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Move over Android, China has a new cloud-based phone!

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Android (s goog) and iOS (s aapl) phones may be gaining traction around the world, but after three years of development, Alibaba thinks there’s room in China for another smartphone platform. The company is launching its mobile platform, Aliyun, on the K-Touch W700 handset later this month.

The Aliyun platform focuses on cloud-based, web applications but is also “fully compatible” with Google Android apps, according to a statement the company provided to the Wall Street Journal (s nws). Alibaba will complement each handset with 100 GB of data storage on its AliCloud service.

In any other region of the world, I’d say such a device has no chance. But China’s mobile broadband infrastructure is still developing across the vast region and relatively few are using 3G-capable smartphones. Essentially, the country is ripe for smartphone growth and it shows.

In the first four months of this year, the number of 3G subscribers jumped 44 percent to 67.57 million. That means in a population of more than 1.4 billion people, only a small percentage of the 900 million mobile subscribers are using smartphones. Contrast that with the U.S., where more than half of all handsets now sold are smartphones.

As far as the Aliyun platform and its reliance on the cloud, details are vague. Here’s how the company describes it at a high level:

The cloud OS will feature cloud services including e-mail, Internet search, weather updates and mapping & GPS navigation tools. A distinguishing feature of the cloud OS is its support for web-based apps. These offer users an Internet-like experience and do not require the user to download or install application software on their mobile devices. Cloud OS users can seamlessly synchronize, store and back-up data such as contact information, call logs, text messages, notes and photos to AliCloud’s remote data center, and can also access and update this data across all their PC and mobile devices.

I’m not sure that “support for web-based apps” is a distinguishing feature, as all current platforms have the same support. Screen shots show the user interface to be similar to iOS, but with a hint of webOS (s hpq), so there’s nothing innovative in that respect, either.

Then again, when less than 10 percent of all cellular subscribers are using a 3G handset, maybe innovation isn’t required. But I wonder how dependent upon the cloud Alibaba’s platform actually is.If the 3G infrastructure is still a work-in-progress for many areas across the large Chinese land mass, it could pose a problem for the handset.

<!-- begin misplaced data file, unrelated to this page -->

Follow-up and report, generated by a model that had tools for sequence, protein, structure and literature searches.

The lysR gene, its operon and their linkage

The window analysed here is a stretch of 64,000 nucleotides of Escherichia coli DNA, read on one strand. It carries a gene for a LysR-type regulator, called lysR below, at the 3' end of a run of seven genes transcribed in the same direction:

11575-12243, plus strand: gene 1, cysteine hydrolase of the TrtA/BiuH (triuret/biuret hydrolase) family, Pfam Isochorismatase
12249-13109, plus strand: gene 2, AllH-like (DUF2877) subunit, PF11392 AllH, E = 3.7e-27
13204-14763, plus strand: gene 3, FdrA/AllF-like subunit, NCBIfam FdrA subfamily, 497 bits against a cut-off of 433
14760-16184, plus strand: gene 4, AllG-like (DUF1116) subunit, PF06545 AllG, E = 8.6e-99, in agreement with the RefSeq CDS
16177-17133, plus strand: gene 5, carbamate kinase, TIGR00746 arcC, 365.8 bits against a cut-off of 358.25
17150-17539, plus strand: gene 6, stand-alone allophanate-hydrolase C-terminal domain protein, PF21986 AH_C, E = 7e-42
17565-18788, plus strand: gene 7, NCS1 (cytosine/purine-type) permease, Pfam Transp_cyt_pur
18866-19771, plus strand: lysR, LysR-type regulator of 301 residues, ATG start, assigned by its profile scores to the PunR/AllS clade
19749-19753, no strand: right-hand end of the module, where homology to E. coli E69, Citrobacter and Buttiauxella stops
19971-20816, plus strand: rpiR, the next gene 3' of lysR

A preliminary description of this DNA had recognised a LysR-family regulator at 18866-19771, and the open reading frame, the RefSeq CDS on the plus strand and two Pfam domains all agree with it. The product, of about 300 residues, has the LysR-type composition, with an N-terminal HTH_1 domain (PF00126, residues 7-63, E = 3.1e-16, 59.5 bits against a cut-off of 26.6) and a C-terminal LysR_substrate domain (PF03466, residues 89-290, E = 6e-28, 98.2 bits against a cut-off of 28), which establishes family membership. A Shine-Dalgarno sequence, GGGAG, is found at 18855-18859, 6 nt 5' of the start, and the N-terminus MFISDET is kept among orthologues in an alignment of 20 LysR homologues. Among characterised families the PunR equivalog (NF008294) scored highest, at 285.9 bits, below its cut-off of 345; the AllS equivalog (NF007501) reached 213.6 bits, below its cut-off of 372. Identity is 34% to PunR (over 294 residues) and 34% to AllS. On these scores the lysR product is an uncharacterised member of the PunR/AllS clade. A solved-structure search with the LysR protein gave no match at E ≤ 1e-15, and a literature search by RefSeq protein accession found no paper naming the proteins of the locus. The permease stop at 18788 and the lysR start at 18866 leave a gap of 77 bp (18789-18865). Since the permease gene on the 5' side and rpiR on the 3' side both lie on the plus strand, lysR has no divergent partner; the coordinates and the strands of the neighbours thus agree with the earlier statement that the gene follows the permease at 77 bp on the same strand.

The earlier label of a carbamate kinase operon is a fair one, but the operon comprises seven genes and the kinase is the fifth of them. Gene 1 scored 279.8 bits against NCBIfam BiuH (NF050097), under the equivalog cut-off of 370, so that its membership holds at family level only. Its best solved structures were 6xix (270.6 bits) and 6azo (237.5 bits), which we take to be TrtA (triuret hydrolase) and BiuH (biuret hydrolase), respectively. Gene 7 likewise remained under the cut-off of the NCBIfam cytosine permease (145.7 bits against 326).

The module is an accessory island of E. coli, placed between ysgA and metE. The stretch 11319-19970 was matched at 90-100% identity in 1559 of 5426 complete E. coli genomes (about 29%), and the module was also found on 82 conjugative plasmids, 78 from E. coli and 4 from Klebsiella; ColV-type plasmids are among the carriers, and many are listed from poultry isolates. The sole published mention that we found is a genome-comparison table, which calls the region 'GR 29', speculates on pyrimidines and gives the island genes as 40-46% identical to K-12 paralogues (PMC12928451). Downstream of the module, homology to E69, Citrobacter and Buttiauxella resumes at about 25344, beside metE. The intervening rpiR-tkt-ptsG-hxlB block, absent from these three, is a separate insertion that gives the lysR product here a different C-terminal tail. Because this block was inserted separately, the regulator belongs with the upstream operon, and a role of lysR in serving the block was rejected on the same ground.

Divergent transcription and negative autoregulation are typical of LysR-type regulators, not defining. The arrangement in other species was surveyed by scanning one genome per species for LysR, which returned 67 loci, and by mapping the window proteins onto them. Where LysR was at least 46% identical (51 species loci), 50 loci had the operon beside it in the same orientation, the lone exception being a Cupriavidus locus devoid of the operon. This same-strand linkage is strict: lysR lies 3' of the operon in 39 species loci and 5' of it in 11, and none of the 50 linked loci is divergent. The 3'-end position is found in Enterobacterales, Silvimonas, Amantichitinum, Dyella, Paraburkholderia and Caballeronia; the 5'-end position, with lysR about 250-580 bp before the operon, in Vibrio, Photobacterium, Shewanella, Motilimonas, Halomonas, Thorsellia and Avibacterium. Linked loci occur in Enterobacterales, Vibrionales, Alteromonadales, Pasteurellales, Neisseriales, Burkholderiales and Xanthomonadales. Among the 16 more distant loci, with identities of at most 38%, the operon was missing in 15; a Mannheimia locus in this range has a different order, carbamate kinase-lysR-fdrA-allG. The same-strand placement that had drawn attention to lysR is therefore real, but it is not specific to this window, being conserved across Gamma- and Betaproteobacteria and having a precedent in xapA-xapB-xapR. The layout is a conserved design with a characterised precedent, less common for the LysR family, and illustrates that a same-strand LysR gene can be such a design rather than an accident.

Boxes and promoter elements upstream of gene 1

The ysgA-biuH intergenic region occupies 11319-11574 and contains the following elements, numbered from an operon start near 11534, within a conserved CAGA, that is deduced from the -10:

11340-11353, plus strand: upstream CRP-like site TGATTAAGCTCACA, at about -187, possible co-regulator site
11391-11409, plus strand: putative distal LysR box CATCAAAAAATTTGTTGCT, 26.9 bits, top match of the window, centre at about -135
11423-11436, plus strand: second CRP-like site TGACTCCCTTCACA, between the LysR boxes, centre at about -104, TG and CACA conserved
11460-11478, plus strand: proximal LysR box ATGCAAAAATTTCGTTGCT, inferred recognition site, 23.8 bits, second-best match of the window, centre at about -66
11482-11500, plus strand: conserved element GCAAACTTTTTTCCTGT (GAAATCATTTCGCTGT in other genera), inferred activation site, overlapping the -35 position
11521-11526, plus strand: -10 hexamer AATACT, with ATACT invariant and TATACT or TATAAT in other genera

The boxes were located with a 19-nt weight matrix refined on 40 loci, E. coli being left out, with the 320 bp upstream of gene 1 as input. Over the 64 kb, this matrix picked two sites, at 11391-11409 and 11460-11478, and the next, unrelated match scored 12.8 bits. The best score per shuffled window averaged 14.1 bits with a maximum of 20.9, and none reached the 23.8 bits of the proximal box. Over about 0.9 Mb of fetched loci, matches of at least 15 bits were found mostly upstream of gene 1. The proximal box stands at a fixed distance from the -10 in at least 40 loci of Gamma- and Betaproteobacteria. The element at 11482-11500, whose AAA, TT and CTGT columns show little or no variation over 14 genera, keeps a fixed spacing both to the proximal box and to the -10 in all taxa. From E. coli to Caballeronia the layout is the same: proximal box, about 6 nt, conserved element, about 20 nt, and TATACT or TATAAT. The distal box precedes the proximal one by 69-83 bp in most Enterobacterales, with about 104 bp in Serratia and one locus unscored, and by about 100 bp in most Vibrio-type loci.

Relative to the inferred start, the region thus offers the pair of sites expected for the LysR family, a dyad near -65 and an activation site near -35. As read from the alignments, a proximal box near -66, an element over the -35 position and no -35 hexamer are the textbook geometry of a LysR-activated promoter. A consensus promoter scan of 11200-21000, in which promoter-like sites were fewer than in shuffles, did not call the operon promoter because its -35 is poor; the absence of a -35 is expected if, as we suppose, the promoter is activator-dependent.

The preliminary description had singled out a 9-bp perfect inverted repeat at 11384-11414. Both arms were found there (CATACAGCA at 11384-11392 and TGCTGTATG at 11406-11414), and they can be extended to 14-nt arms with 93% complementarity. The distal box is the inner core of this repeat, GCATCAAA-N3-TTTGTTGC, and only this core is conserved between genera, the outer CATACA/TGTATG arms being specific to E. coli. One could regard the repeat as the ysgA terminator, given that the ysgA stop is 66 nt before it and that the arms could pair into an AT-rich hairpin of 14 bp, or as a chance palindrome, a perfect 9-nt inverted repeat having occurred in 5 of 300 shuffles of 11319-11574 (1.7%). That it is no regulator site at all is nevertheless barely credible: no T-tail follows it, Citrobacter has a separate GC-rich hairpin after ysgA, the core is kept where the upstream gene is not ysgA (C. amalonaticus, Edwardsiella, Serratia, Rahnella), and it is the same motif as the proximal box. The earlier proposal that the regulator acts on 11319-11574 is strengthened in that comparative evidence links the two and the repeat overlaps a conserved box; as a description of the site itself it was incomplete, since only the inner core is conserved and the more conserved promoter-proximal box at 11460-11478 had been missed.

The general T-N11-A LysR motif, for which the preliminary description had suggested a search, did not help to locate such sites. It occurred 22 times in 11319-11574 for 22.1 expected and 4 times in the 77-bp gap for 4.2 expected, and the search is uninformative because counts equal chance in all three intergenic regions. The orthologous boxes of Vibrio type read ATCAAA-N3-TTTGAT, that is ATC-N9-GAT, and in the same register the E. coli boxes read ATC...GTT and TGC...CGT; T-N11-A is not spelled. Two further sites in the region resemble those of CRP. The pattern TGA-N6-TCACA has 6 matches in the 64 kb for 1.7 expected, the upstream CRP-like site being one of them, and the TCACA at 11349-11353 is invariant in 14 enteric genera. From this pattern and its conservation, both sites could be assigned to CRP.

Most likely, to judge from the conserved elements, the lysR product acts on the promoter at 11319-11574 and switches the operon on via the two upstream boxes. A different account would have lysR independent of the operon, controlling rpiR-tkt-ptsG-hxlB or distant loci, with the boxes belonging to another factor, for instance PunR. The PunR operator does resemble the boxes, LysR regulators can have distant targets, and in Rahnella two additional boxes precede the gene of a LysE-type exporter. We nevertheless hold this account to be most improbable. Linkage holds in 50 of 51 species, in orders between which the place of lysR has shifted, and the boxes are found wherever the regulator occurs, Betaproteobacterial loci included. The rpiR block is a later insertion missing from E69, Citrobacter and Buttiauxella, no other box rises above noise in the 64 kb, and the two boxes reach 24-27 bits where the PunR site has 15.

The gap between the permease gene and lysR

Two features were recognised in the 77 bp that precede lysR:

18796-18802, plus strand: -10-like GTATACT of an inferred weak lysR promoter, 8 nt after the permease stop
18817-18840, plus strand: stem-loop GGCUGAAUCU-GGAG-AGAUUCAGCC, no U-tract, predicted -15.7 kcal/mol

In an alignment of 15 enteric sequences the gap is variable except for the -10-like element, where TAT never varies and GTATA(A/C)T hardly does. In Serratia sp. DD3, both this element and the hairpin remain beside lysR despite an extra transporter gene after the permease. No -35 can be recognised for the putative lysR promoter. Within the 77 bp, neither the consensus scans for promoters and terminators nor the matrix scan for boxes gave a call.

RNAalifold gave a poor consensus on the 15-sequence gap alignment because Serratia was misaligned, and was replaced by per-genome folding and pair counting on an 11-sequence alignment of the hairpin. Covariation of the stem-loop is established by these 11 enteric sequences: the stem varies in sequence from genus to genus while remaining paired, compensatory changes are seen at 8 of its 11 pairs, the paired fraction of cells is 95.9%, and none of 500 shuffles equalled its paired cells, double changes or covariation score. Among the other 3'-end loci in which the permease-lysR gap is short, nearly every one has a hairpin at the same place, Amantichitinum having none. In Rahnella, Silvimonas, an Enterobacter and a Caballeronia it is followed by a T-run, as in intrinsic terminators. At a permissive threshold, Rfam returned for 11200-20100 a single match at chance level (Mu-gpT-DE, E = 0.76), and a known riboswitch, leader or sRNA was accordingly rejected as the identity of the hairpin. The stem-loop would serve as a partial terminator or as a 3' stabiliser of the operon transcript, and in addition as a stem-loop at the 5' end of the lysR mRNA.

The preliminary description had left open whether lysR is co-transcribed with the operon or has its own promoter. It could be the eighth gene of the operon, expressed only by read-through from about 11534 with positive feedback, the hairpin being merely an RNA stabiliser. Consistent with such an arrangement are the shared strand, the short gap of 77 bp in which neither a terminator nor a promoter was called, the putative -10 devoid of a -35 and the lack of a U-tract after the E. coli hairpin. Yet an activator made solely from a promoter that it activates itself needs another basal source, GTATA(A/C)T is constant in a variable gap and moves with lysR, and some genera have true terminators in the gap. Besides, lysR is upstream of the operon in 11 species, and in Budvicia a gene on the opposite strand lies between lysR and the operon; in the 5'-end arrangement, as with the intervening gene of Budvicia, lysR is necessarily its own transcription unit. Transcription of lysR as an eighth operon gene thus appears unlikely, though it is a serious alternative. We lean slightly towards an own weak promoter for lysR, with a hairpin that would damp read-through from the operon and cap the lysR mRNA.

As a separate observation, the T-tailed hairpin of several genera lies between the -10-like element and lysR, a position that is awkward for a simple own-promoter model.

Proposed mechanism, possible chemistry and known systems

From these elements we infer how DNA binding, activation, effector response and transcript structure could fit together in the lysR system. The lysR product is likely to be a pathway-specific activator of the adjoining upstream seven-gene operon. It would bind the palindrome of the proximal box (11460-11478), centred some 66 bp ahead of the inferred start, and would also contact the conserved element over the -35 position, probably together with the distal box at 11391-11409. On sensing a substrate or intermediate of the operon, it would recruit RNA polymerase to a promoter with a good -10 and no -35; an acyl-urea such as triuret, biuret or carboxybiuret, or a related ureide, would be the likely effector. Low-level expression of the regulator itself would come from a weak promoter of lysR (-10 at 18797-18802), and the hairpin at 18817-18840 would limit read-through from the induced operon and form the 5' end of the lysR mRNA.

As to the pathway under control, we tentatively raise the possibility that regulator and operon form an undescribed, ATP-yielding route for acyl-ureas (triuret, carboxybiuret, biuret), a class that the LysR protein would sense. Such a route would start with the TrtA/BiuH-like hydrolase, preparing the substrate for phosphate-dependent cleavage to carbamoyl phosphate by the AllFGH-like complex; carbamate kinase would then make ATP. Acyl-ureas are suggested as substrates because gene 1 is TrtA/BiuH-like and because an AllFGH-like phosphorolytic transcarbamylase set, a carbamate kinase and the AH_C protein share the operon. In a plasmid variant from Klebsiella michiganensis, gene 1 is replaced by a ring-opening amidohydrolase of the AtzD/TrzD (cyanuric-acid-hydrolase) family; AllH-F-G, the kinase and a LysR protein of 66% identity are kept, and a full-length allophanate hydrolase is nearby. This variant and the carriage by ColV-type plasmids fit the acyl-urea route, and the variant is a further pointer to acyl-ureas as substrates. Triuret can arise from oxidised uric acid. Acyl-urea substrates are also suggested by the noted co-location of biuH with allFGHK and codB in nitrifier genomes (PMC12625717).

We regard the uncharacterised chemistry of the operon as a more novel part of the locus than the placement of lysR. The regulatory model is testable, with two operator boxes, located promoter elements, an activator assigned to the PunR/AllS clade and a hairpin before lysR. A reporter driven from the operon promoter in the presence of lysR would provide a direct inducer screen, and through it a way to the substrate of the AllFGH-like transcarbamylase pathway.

We’ll be talking more about the intersection of the cloud and mobile technology at Mobilize, September 26-27.

17 Responses to “Move over Android, China has a new cloud-based phone!”

  1. Lindsworth Horatio Deer

    A cloud based smartphone. clever. like having Google chrome OS on a Tablet or a smartphone. I think the Asus has plans in the pipeline to do a tablet using Google Chrome OS on a tablet

    Apple might choose to go the cloud route to, to make their Apple iPhone cheaper for the mid-level “feature” phone crowd that is not a part of the 50% of mobile users sporting a smartphone!!

  2. Interesting.. A government controlled OS. Now they can monitor and make money at the same time.
    How did they make it 100% compatible with Android? If they have forked out Android codebase then good luck to them with handling fragmentation.. Or maybe who cares about customer satisfaction..

  3. Idon't Know

    Thats because its a fork of Android. Which uses no Google services and Google sees no revenue but subsidizes the cost of the OS. Yet magically Google counts these phones in their activation numbers. Along with OS upgrades and whatever else they can think of.

    But you will never hear that from BGR right Kevin?

    • Dianne

      I can’t believe I am replying to this troll, but Google has said a number of times now that activation numbers are a count of new devices activated with Google’s servers. If the device isn’t shipping with Google’s services (especially Market), then it doesn’t count as an Android activation.

      How would Google even know about the device to be able to count it if it doesn’t have any of Google’s code on it?

  4. Kevin,

    What exactly makes a mobile phone cloud-based ? Mobile phones connect to servers via wireless transport ( be it CDMA,GSM,Wifi) etc. What is a cloud phone as opposed to non-cloud phone. Aren’t all mobile smart phones cloud-capable ?

  5. James Choie

    I assume this phone is based on stolen patents and stolen technology. Only the Chinese are the stupidest people on earth who can’t seem to invent their own products.

  6. Yuvamani

    It will succeed, Like everything else the government needs a platform it can control…

    Android is too free and laissez faire. Expect some banning action after this thing gets traction. What happens to iOS – I dont know. But Apple already censors, I mean approves “wholesome” apps already so they may be good.